Vos LJ considered the first instance application of QOCS surprising in that the judge at first instance had applied QOCS to every part of an action in which anyone makes a claim for damages for PI, even if the parties are actually in dispute regarding the ‘economic consequences of having to fund such damages’. Referring back to the underlying purpose of QOCS (i.e. a way of protecting those who had suffered injuries from the risk of facing adverse costs orders obtained by insured, self-insured or alternatively, well-funded, parties), he found no suggestion that the QOCS regime was intended to extend to the costs of disputes between liable defendants as to how to fund PI damages.

The rules on QOCS were instrumental in determining the scope of relevant ‘proceedings’ for the purposes of CPR 44.13. Overall, CPR 44.13 to 44.17 had the effect of narrowing the potentially very wide meaning of ‘proceedings’ to merely proceedings initiated by claimantswho are themselves making a claim for PI damages, irrespective whether the claimants may also be making other claims in addition, such as a claim for damaged property arising out of the same loss incident. A wider interpretation of “proceedings” would be inappropriate in light of the purpose underlying QOCS as this could mean that there would be no effective costs orders made between multiple defendants in a contribution claim. It was not considered to be an injustice that the defendant in this case was penalised on costs - the defendant’s decision to join a third party had been made in its own (perceived) commercial interests and the risk of an adverse costs order in the contribution proceedings was the known corollary.

The remaining appeals

As to WTL’s arguments regarding retrospective application of the rules, the survival of the WTL CFA and ultra vires, the court held:

  1. Retrospective application: the defendant was unfortunate as the case was heard on the cusp of the new QOCS rules coming into effect. However, the presumption against restrospective effect does not apply to legislation concerned with matters of procedure and procedural rules would be construed retrospectively unless an intention to the contrary was made clear;
  2. Survival of the WTL CFA: fees payable under the WTL CFA were not recoverable from the claimant as it was only a claimant’s pre-commencement funding that mattered for the purposes of disapplying QOCS; and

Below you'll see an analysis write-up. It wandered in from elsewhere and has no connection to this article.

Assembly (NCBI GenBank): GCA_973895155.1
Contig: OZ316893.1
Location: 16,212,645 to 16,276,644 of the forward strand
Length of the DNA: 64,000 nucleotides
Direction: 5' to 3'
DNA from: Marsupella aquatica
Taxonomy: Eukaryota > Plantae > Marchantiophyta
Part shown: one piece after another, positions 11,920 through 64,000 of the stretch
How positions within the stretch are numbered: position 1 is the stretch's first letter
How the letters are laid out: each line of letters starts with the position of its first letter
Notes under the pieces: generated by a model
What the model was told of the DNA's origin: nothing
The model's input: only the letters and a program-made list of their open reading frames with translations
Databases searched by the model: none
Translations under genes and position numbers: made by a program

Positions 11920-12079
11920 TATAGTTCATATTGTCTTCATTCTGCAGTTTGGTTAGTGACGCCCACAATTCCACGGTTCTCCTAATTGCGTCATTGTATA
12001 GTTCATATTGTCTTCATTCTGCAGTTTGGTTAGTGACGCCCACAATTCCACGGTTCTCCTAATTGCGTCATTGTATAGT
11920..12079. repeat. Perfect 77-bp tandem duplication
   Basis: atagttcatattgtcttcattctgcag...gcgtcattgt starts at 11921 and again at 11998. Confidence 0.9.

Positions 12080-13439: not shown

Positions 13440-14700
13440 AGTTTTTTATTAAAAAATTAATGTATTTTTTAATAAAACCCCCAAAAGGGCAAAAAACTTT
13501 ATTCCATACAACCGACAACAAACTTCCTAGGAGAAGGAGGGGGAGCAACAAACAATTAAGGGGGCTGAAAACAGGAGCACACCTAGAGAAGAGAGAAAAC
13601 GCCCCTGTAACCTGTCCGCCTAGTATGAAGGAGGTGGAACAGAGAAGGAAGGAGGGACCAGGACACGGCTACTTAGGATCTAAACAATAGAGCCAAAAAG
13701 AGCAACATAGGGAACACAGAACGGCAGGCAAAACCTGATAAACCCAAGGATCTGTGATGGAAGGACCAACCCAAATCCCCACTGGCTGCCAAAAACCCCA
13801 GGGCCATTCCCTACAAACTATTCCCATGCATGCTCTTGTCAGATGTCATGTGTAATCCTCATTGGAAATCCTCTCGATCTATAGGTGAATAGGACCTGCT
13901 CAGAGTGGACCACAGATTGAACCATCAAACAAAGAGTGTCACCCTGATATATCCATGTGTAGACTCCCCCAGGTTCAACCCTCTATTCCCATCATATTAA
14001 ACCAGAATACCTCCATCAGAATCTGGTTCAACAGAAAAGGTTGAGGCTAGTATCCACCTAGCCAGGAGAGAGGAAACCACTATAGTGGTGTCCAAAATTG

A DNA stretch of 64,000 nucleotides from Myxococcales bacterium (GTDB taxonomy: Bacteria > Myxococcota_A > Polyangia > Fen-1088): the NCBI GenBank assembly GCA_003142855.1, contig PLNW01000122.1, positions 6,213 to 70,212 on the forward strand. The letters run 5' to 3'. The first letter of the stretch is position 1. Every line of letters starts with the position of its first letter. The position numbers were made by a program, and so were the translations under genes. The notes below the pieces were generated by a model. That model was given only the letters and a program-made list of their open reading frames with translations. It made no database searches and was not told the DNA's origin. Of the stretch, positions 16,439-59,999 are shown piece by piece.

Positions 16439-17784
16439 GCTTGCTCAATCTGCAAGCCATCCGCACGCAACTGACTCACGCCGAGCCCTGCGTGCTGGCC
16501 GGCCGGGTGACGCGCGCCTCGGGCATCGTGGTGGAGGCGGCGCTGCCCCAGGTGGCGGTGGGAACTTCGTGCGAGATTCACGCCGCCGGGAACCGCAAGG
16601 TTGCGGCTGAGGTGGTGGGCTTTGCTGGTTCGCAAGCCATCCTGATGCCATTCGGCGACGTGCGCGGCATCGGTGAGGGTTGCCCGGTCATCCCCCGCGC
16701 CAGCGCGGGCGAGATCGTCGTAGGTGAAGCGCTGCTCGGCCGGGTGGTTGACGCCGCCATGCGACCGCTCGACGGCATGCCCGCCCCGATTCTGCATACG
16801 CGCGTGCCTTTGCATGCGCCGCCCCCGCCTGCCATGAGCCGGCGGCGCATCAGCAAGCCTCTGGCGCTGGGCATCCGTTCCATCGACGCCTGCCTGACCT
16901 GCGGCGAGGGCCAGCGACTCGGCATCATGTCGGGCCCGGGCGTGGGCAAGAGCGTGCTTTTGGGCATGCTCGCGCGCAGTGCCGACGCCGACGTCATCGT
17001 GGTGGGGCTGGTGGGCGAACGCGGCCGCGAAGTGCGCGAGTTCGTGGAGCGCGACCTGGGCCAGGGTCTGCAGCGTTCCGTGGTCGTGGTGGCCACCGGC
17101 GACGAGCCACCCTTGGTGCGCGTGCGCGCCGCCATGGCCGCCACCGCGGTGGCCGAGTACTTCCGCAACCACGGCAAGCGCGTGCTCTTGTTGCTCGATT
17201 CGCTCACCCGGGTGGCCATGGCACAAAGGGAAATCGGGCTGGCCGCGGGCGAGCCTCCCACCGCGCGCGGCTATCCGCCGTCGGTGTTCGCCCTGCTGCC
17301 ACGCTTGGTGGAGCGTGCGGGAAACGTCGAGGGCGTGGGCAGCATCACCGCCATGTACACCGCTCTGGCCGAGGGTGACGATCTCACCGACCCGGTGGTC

3. Ultra vires: QOCS (and any other analogous rules restricting how the court operates its powers) are not ultra vires. Section 51(2) of the SCA allows the court’s power as to costs to be subject to the rules of the court.

Comment

This decision puts additional commercial pressure on defendants in PI litigation when deciding whether to join another potential wrongdoer to the proceedings via CPR Part 20 contribution proceedings. A defendant in this position needs to carefully weigh the risk and evaluate the chances of success in the main proceedings. If a defendant is successful in defending the claim, it will necessarily lose the Part 20 proceedings as there will be no contribution to be made by the Part 20 defendant. The sting in the tail for a successful defendant in the main proceedings is that:

  • It cannot enforce its own costs entitlement against the losing PI claimant (in the absence of abuse of process or fundamental dishonesty of the claimant, for example); and
  • It can then be liable for the costs of the winning Part 20 defendant, whether or not initiating the Part 20 proceedings was a reasonable or prudent step to take in the circumstances. 

Defendants in PI proceedings post-Jackson do, of course, have another option: to wait for the main claim judgment before pursuing Part 20 proceedings if they are unsuccessful or if settlement is agreed. Limitation for the purposes of claiming contribution only starts on the date on which the judgment is given or settlement is agreed (section 10 Limitation Act 1980) and expires on the expiration of two years from that date. If defendants adopt this approach, courts may start to see fewer Part 20 proceedings being commenced during the main PI action and more cases coming through in sequence, which is unlikely to make for either efficient or cost-effective litigation. If this cautious approach is adopted, it will be interesting to see how the court will then handle costs assessments arising from sequential CPR Part 20 contribution proceedings when those proceedings could in practice have been run concurrently with the main claim.

To read the judgment, please click here.